Syd Quan Thompson will be back on familiar turf today.
He’ll settle into the Memorial Stadium seats in Berkeley, just as the late-afternoon sun cascades down on scores of family members and fellow Grant High School graduates. Thompson will bear Cal colors, loyal to the school he started a record 52 games for at cornerback, but his eyes and heart will be firmly set on the opposing team.
The Washington Huskies are in Berkeley today, in what should be a typical Pacific-12 Conference shootout. Washington is led on defense by Shaq Thompson, Syd’s kid brother.
Shaq Thompson is the last in a line of athletically gifted brothers, the most talented and physically imposing, so say the siblings. Shaq is a 6-foot-2, 228-pound junior outside linebacker who is tied for the Huskies’ team lead with four touchdowns, three on defense and one at tailback. He is tied for the national lead with four forced fumbles.
“I sit and watch Shaq play, and I’m just amazed,” Syd said. “He’s so versatile, so tough and quick. He can cover guys on defense and he can make tackles. He makes plays. I mean, he’s gifted, really, really gifted.”
While at Cal, Syd once brought Shaq by the football offices for a visit. He introduced 12-year-old Shaq to Bob Gregory, then the Cal defensive coordinator and now the linebackers coach for Washington.
“(Syd) looked at me and said, ‘Coach, this is the real deal here,’” Gregory told The Seattle Times. “And he was right.”
And Cal seemed the right place for Shaq, too.
The Bee’s Player of the Year in 2011, Shaq gave the Bears a verbal commitment in January 2012 but ultimately signed with Washington. The Bears also lost out on standout defensive lineman Arik Armstead of Pleasant Grove. Armstead decommitted from USC and leaned toward Cal, before signing with Oregon.
Both players are happy with their selections, playing for 4-1 teams this season. Cal is also happy at 4-1 following two tumultuous years in which coach Jeff Tedford lost his job after the 2012 season and Sonny Dykes won just once in 2013.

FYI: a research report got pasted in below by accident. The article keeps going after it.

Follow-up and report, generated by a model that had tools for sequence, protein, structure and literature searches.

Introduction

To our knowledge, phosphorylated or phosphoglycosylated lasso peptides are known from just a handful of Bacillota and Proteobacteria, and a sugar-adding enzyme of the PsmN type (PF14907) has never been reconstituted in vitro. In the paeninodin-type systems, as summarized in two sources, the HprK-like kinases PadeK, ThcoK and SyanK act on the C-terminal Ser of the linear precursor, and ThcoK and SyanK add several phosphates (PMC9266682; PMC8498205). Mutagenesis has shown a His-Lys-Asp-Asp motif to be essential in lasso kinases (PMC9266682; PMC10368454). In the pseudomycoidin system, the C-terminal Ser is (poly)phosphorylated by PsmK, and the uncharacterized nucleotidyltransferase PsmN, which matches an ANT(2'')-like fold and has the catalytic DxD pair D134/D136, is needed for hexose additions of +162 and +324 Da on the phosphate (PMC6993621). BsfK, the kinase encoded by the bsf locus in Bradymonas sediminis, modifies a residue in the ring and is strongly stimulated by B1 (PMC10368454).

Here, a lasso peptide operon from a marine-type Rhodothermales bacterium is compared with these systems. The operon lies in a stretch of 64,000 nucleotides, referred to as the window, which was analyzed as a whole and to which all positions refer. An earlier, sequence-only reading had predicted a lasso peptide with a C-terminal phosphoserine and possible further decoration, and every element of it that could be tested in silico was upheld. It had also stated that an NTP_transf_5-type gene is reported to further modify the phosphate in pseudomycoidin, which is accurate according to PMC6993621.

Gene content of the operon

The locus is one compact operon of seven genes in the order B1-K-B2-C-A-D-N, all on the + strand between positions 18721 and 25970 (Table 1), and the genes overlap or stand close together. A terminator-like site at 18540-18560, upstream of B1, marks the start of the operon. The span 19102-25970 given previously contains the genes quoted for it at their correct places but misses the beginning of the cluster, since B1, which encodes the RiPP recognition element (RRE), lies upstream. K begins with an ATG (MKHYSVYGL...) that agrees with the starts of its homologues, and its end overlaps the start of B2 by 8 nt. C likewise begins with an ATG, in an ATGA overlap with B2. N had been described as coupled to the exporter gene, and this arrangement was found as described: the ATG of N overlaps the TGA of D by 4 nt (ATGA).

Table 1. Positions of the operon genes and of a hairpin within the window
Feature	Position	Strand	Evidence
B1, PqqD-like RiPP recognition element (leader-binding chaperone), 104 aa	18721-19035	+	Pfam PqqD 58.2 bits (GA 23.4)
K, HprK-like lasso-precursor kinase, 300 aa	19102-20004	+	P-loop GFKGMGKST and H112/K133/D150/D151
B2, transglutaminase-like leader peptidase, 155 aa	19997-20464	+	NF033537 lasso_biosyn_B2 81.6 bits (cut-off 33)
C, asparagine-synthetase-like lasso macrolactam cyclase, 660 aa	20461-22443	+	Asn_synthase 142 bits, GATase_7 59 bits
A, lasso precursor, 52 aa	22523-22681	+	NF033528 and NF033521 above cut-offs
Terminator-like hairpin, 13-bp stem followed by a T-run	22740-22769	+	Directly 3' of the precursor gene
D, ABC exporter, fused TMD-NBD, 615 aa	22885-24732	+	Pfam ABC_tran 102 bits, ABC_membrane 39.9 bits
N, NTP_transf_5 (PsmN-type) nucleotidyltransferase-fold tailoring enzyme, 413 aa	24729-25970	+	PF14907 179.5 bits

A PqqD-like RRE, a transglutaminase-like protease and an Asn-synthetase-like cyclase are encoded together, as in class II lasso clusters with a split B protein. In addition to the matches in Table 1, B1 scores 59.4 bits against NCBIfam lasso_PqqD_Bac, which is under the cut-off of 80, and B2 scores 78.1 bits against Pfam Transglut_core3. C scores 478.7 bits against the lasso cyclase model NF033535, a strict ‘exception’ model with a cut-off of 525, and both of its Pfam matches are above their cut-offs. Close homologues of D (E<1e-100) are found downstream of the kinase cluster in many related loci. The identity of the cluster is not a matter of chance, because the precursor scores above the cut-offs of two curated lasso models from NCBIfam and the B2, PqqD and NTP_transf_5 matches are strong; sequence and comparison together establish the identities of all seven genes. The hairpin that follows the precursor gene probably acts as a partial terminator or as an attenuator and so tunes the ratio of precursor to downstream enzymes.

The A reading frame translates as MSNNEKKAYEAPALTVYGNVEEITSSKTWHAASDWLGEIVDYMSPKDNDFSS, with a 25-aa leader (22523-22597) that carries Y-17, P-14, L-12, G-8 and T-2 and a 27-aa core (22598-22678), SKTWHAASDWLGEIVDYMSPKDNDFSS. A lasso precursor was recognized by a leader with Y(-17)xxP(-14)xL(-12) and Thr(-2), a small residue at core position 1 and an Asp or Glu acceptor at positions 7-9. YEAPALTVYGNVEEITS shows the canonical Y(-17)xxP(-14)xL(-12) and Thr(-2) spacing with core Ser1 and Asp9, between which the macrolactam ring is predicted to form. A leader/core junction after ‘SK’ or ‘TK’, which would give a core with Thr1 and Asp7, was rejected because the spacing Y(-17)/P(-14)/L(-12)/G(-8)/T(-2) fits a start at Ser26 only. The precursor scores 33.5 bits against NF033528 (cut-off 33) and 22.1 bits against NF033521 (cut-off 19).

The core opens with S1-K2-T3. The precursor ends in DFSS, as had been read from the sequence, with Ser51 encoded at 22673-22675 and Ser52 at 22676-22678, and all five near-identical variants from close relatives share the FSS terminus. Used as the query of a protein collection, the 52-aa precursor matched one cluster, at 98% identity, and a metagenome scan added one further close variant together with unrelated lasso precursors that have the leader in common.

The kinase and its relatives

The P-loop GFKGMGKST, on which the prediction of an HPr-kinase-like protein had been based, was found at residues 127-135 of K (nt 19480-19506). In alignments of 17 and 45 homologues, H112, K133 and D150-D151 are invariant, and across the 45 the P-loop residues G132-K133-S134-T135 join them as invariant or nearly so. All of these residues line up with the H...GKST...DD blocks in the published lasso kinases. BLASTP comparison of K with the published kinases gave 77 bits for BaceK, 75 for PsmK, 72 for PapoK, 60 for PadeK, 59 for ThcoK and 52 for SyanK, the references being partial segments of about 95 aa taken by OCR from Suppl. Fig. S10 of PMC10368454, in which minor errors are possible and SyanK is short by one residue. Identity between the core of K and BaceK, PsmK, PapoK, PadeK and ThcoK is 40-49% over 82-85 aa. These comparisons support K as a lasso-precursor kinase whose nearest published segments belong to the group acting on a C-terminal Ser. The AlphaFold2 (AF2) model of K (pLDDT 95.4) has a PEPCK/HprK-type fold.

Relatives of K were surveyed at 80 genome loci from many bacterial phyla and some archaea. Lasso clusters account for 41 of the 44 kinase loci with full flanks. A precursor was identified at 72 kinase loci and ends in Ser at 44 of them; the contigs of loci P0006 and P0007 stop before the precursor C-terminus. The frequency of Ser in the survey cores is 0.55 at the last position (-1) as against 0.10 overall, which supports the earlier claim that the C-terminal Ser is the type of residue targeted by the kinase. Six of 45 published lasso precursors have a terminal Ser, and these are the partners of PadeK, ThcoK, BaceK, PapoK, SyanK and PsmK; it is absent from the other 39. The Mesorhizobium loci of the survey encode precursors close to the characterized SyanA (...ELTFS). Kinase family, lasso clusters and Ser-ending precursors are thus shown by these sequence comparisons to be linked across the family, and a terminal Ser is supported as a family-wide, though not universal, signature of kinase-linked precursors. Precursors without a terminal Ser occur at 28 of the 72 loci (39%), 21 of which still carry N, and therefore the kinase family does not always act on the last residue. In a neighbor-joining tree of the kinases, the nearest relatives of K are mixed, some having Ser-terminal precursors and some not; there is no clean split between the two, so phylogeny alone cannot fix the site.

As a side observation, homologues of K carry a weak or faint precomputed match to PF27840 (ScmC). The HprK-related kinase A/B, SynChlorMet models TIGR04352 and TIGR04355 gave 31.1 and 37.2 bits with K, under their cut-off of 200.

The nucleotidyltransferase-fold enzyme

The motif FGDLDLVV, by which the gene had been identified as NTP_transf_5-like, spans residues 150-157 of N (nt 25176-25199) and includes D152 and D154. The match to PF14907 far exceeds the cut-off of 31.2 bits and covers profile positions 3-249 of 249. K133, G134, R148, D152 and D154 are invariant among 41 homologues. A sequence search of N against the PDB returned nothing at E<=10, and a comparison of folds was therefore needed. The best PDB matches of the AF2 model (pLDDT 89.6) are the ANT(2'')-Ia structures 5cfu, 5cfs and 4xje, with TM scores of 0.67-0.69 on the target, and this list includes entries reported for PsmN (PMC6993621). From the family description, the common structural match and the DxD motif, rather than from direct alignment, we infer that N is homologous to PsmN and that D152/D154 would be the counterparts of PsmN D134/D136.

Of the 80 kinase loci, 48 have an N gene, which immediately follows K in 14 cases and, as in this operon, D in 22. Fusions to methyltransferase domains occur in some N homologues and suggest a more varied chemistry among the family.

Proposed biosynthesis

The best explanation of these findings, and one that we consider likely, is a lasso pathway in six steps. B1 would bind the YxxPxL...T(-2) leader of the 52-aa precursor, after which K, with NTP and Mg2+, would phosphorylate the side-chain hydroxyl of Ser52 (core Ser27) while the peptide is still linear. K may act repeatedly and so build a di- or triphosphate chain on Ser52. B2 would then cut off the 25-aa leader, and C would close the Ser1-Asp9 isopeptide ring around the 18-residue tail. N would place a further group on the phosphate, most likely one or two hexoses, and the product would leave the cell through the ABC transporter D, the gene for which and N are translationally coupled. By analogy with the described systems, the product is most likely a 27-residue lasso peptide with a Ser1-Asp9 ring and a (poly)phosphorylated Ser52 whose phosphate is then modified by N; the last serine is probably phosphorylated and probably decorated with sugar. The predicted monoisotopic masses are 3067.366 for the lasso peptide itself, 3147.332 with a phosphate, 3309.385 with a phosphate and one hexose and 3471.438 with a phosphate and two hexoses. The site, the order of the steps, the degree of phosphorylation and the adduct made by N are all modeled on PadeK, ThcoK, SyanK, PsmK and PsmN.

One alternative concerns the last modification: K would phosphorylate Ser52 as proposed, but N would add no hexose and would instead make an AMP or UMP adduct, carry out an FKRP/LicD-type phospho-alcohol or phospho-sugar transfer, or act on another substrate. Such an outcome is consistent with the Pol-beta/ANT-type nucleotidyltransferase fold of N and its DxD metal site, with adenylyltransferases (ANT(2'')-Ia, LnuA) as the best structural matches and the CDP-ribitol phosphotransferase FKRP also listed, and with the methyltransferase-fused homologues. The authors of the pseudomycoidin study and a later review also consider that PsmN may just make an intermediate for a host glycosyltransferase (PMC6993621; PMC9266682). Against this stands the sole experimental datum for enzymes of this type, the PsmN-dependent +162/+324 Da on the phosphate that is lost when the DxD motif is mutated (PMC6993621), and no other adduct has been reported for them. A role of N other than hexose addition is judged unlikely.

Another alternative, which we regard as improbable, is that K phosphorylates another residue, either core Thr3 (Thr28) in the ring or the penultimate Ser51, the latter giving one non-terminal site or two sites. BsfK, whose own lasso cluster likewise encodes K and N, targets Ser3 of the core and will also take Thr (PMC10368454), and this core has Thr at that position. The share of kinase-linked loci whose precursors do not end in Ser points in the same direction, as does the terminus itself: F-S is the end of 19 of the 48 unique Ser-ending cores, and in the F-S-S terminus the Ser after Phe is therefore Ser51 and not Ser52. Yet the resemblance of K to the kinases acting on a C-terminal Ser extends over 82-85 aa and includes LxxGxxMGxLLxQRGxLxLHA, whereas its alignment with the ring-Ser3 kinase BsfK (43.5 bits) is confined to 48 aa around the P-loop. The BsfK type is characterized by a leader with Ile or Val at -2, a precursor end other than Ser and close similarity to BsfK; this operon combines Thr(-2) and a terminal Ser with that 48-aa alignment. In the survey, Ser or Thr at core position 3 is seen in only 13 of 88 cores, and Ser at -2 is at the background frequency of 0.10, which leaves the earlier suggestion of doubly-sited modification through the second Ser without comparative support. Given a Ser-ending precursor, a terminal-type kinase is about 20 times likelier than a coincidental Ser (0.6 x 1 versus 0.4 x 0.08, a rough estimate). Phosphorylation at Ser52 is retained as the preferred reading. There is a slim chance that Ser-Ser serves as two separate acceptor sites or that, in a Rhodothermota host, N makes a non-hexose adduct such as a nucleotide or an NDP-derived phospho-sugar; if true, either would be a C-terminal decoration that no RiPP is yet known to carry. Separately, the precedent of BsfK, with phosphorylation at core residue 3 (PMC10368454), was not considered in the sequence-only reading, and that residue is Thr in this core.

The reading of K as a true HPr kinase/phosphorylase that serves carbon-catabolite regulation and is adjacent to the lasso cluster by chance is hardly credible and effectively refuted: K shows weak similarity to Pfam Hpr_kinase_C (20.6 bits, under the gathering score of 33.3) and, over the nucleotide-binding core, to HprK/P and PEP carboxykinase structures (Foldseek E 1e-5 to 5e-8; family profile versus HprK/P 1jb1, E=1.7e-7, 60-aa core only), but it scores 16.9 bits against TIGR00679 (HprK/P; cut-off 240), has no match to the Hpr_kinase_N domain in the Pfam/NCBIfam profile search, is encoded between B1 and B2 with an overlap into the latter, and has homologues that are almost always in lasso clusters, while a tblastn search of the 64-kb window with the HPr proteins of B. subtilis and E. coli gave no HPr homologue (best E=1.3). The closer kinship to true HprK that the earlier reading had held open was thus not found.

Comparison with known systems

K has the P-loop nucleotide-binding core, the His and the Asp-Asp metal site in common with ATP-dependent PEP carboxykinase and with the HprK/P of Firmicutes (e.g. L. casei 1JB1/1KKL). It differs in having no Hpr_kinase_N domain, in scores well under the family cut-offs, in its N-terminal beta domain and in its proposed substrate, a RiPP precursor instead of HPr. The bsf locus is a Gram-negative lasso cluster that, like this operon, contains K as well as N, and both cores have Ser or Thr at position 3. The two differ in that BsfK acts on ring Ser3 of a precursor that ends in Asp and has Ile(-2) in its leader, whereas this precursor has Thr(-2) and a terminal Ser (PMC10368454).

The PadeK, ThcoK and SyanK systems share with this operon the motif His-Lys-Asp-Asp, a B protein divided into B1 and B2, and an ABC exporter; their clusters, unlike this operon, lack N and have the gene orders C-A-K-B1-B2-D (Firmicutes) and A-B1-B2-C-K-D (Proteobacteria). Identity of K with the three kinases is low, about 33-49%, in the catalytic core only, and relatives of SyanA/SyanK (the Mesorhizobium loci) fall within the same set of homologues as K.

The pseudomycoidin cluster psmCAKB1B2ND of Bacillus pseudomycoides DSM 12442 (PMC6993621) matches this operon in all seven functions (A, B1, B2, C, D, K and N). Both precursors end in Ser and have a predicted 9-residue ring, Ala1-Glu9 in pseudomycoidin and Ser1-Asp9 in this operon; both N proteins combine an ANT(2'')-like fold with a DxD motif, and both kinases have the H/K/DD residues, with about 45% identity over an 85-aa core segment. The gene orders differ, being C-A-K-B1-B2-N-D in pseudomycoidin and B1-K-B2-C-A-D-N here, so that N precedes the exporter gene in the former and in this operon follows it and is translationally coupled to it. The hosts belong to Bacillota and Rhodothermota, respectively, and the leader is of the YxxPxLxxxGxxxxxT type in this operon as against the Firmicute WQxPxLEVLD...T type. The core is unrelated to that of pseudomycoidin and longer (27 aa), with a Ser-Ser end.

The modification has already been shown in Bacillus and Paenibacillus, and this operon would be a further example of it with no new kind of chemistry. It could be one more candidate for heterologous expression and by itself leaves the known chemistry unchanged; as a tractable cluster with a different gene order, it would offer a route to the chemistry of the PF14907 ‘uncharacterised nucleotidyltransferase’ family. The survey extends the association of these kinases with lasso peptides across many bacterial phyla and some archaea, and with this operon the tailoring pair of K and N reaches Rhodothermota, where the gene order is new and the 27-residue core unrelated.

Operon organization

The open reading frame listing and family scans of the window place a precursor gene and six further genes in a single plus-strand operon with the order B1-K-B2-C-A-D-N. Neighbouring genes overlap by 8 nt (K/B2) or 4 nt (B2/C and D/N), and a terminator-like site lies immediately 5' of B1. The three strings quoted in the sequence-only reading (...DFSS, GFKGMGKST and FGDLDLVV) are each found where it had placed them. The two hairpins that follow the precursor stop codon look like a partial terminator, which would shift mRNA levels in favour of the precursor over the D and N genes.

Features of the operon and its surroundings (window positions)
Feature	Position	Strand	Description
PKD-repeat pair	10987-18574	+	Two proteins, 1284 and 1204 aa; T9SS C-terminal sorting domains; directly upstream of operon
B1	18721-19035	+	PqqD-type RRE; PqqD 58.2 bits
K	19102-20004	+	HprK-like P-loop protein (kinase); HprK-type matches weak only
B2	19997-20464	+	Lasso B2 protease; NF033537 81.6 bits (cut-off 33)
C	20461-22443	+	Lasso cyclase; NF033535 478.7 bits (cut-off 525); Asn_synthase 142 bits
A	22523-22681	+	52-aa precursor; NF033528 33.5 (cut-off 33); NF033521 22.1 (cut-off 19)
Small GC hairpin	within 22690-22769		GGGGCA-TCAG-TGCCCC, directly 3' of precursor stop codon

“It’s all worked out,” Shaq said.
Shaq made a difference in his first game in Berkeley in 2012. As a freshman, he registered seven tackles, two for losses, and his fourth-quarter interception sealed a 21-13 Huskies victory.
Cal fans lustily booed him, a former recruit inflicting harm on their field. Will Bear backers give him similar treatment on Saturday?
“I don’t know,” Shaq told the Times last week, “and I really don’t care.”
What’s important, Syd advises his brother, is to enjoy all of this. The game is fleeting, and it can end in a flash. Syd lasted one NFL season with the Denver Broncos before snapping his Achilles’ tendon near the end of training camp his second year. Those dashed NFL dreams motivate Shaq now, who said, “It makes me appreciate (my good health). It really motivates me. I know he’s been there, and I know I have to try to get there. All my brothers, they’re all texting me, motivating me.”
Syd added: “I had such a great experience at Cal and with Denver. I know Shaq is having a great time at Washington. We talk about it. We’re really tight. I can feel it from him how much fun he’s having.”
Shaq still looks up to Syd, even though he now towers over him and says he gets his demeanor and humility from his older brother. And neither viewed themselves as a star, just contributors to the cause. They’re both quiet, preferring to let their game speak otherwise.
Without a father at home, Shaq looked to his siblings as mentors, and especially his mother, Patty, whom he calls “my everything.”
“My older brothers were my role models, my father figures,” Shaq said. “My mom is always there. She taught me respect and manners.”
The next family reunion could be in Sacramento after the season, when Shaq – a projected first-round pick – will ponder his NFL future. His mother wants him to finish at Washington. Older brother Syd said, “There’s no hurry. Enjoy it all now while you can. The NFL will always be there.”
Follow Joe Davidson on Twitter @SacBee_JoeD.